unbridled admiration. (Riefenstahl's supporters liked to cite her
depiction of Owens's triumph--and Hitler's evident disgust--to
bolster her contention after World War II that she hadn't really
been a Nazi.) In both her still and moving images of athletes,
she showed later generations how to glorify the body.

But the pleasure we derive from any image, Edgerton's or
Riefenstahl's, commonly has little to do with technical
perfection or international politics, and the original occasion
for a great picture may now be fuzzy or irrelevant. In the late
John G. Zimmerman's 1956 photograph for SI of Montreal Canadiens
goalie Jacques Plante (page 71) defending against a rush up ice
by the Rangers, whether or not New York scored is probably
forgotten, even by the few survivors who were there. What makes
the picture riveting is the crowd: the tiers of white males in
jackets and ties and fedoras. It's a group portrait of a more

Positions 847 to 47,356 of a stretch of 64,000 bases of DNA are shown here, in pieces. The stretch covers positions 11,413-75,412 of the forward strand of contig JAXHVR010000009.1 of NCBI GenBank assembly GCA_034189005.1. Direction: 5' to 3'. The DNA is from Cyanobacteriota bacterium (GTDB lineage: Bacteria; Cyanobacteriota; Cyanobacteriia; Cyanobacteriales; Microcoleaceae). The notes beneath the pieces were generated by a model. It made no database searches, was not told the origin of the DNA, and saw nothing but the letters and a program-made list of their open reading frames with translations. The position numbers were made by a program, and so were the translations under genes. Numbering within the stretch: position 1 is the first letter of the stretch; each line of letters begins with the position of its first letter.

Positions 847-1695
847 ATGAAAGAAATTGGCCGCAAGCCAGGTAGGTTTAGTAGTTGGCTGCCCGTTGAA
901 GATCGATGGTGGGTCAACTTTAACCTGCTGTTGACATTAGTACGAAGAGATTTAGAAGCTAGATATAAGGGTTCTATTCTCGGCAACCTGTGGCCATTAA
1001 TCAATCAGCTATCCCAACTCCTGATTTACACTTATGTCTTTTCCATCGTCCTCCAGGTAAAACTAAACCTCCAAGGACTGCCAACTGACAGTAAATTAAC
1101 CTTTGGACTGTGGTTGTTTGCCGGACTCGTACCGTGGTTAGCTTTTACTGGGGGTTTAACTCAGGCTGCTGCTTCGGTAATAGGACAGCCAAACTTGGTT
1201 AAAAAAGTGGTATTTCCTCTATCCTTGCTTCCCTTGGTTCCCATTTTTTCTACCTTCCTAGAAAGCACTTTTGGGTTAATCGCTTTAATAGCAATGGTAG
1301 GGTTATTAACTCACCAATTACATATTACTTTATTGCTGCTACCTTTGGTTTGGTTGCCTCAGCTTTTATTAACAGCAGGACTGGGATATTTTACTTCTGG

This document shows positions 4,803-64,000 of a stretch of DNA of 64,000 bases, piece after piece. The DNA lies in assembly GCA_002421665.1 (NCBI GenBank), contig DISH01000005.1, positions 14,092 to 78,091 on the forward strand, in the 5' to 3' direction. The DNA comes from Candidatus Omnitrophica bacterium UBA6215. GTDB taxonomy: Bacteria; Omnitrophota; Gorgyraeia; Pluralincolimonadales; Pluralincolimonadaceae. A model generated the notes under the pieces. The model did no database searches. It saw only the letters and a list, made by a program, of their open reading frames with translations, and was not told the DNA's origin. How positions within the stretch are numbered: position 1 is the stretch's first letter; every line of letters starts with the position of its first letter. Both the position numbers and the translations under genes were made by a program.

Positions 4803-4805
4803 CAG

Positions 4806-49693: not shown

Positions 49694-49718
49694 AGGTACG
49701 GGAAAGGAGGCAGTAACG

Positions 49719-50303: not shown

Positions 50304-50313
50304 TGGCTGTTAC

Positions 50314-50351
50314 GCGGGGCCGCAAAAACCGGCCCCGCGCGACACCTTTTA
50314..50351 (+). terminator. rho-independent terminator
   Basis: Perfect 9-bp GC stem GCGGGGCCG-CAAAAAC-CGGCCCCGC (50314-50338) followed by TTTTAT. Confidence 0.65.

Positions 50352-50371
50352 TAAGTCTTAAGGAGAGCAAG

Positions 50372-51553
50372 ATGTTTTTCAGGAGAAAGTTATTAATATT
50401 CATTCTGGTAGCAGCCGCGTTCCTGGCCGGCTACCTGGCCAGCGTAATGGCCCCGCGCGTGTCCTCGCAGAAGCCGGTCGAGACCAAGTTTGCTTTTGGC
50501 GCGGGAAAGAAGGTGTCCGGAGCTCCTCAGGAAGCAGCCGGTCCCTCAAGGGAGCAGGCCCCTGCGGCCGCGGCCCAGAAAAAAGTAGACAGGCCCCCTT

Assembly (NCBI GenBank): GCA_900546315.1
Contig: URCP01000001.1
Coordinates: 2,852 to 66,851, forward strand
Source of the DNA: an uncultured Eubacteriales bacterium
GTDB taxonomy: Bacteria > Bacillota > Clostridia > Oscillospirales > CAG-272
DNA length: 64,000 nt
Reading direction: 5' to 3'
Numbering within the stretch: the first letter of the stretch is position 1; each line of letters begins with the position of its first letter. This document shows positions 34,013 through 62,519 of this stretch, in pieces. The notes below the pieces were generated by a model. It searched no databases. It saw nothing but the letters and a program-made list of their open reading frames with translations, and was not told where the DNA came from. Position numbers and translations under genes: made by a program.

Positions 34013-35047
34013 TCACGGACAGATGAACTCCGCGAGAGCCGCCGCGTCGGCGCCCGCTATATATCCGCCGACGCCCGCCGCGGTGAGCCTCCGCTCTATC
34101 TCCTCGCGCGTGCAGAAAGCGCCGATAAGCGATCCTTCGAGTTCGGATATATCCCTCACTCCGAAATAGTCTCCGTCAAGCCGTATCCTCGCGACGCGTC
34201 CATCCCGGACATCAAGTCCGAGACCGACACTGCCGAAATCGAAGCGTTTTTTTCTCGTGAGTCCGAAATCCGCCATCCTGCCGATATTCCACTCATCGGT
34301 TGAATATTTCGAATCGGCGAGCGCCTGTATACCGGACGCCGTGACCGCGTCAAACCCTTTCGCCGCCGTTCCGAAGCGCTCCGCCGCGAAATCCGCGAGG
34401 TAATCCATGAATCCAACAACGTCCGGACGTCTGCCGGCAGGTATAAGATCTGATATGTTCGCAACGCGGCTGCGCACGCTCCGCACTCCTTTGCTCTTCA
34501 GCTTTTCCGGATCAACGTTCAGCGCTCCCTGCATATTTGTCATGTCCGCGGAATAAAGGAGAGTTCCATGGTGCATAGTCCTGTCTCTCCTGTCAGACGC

formal era, when people dressed up for a sporting event as if it
were a Noel Coward play.

Arranged like a flip book, the photographs published in Sports
Illustrated since the first issue in 1954 would chronicle other
historic shifts. The magazine was founded in the year of Brown v.
Board of Education, and the skin tones of the athletes in its
pages have gradually turned from milky white to darker shades in
many hues, from Michael Jordan ebony to Tiger Woods teak.

A select series of images could reveal the frightening growth of
the NFL lineman and his body armor, as well as the mutations of
the baseball slugger, from undernourished Ted Williams to
incredible hulks Mark McGwire and Barry Bonds. We could watch the
rise and fall of men's shorts in the NBA and the NCAA, from
crotch-tight, Speedo-like trunks of 1964 to the mid-calf bloomers
of today, a social barometer as telling as Chanel's hemlines.

This magazine does not think of itself as a catalog of
influential hair, but trends often infiltrate the culture only
when images of an admired figure are printed and then strike a
responsive chord in the general population. Dorothy Hamill's
cropped locks and MJ's shaved pate dictated how to do your 'do
for hordes of imitators, not only in their own sports but far

Quite apart from the personality in the frame, however, every
photograph is also a record of its own means of production. The
technical limits and signature of an era, as well as sudden leaps
in innovation, become embedded in the emulsion of the film and